What is an Audit

Audit Tutorial- What is an audit? Why even bother?

Typical audit objectives (what you’re trying to achieve)

Safeguarding of Organizational Assets
Compliance with Regulation, Policy & Other Requirements
Accomplishment of Organizational Goals & Objectives
Reliability of Information (Reporting)
Economy & Efficiency of Operations

Types of audits (not all audits are created equal)


Major Focus—Accuracy of Financial Reporting
Key Measure—Materiality of Errors and Misstatements
Opinions—Based on Professional Standards and Judgment

Certified Public Accountants (CPAs) licensed to express opinions related to Financial Reporting
Primary Stakeholders—Decision-Makers (legislators)
Funding Sources (taxpayers).


Major Focus—Achievement of Goals & Objectives
Key Measure—Project Management
Primary Stakeholders—Decision-Makers (legislators)
Funding Sources (taxpayers)
Users (beneficiaries of public services)


Major Focus—Statutory/Regulatory Adherence 
Key Measure—Compliance 
Primary Stakeholders—Decision-Makers (legislators) 
Regulators (other agencies)


Major Focus—Organizational Needs 
Key Measure—Adequacy of Internal Controls 
Primary Stakeholders—Organizational (management & employees)


Major Focus—Investigative in nature; focused on specific allegations 
of financial fraud, waste and abuse associated with specific 
individuals and/or specific transactions 
Key Measure—Fiduciary Duty 
Primary Stakeholders—Prosecuting Authority (DA, AG, Justice Dept)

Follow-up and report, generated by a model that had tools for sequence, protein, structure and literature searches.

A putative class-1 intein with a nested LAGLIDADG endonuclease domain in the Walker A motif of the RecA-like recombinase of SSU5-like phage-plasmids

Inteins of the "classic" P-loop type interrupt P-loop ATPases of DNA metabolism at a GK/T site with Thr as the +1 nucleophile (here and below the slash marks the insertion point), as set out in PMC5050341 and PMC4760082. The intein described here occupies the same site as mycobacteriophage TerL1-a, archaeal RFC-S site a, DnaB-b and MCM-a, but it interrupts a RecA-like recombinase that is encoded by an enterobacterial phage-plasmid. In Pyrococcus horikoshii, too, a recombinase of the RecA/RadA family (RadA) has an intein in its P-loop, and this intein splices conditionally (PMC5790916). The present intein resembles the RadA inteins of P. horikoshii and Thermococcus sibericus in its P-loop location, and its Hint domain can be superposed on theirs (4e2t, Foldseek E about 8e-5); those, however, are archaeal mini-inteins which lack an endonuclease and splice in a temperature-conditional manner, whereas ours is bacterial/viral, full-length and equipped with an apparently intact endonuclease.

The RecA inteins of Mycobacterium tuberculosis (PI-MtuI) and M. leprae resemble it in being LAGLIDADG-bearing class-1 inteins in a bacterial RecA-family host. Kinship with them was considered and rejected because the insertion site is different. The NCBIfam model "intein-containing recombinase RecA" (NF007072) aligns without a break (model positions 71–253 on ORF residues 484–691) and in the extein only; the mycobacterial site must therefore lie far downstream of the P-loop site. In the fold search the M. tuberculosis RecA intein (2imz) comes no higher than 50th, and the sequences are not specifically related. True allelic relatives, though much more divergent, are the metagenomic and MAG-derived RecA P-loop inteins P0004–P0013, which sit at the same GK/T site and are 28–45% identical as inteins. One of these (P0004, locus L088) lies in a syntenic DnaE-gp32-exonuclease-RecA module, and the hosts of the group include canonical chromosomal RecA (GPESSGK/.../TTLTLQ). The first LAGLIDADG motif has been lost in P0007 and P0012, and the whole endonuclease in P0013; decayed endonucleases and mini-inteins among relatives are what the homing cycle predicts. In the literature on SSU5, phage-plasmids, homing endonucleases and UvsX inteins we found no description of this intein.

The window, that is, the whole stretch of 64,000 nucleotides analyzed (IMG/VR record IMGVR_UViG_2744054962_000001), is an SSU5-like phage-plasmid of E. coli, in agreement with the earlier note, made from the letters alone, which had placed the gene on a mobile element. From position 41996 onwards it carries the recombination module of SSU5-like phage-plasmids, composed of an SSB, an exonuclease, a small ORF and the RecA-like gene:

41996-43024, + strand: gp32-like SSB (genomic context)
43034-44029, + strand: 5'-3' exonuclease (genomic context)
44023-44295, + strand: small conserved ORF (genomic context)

Decision-Makers (legislators

Fiduciary duty is characterized as being “the highest standard of care imposed at either equity or law,” requiring the fiduciary to be “extremely loyal to the person to whom they owe the duty (the principal),” and requiring those entrusted in this manner “not put their personal interests before the duty, and not profit from their position as a fiduciary, unless the principal consents.”

Source: Wikipedia Encyclopedia (http://en.wikipedia.org) Note: The principal, with respect to public resources, is ultimately the taxpayer/citizen.

How to read a typical financial audit report


Normally provides perspective on organizational mission, key processes or initiatives, funding levels, how the audit came about, major concerns triggering the audit etc. 

Executive Summary

Normally provides a high level summary of significant audit findings, observations or conclusions. 

Scope of Work

Normally identifies the areas being evaluated, the time period under review, and may specify activities or transaction types looked at or not looked at. 


Normally describes how the audit was conducted in terms of sampling methodologies or transactions selected for evaluation 


Describes significant shortcomings identified during the audit. A finding is typically organized in the following manner:

  • Condition
    The specific situation/shortcoming)
  • Criteria
    Policy, duty or good business practice being violated)
  • Effect
    Risk or adverse impact associated with this condition)
  • Cause
    The likely reason this condition exists)
  • Recommendation
    How the condition might be remedied/fixed)

Management Response

When included, normally constitutes a managerial perspective on corrective actions considered necessary to resolve the finding.

Due to the nature of Fraud and Special Audits and the primary stakeholders associated with such audits, a Management Response will typically not be associated with the related audit report.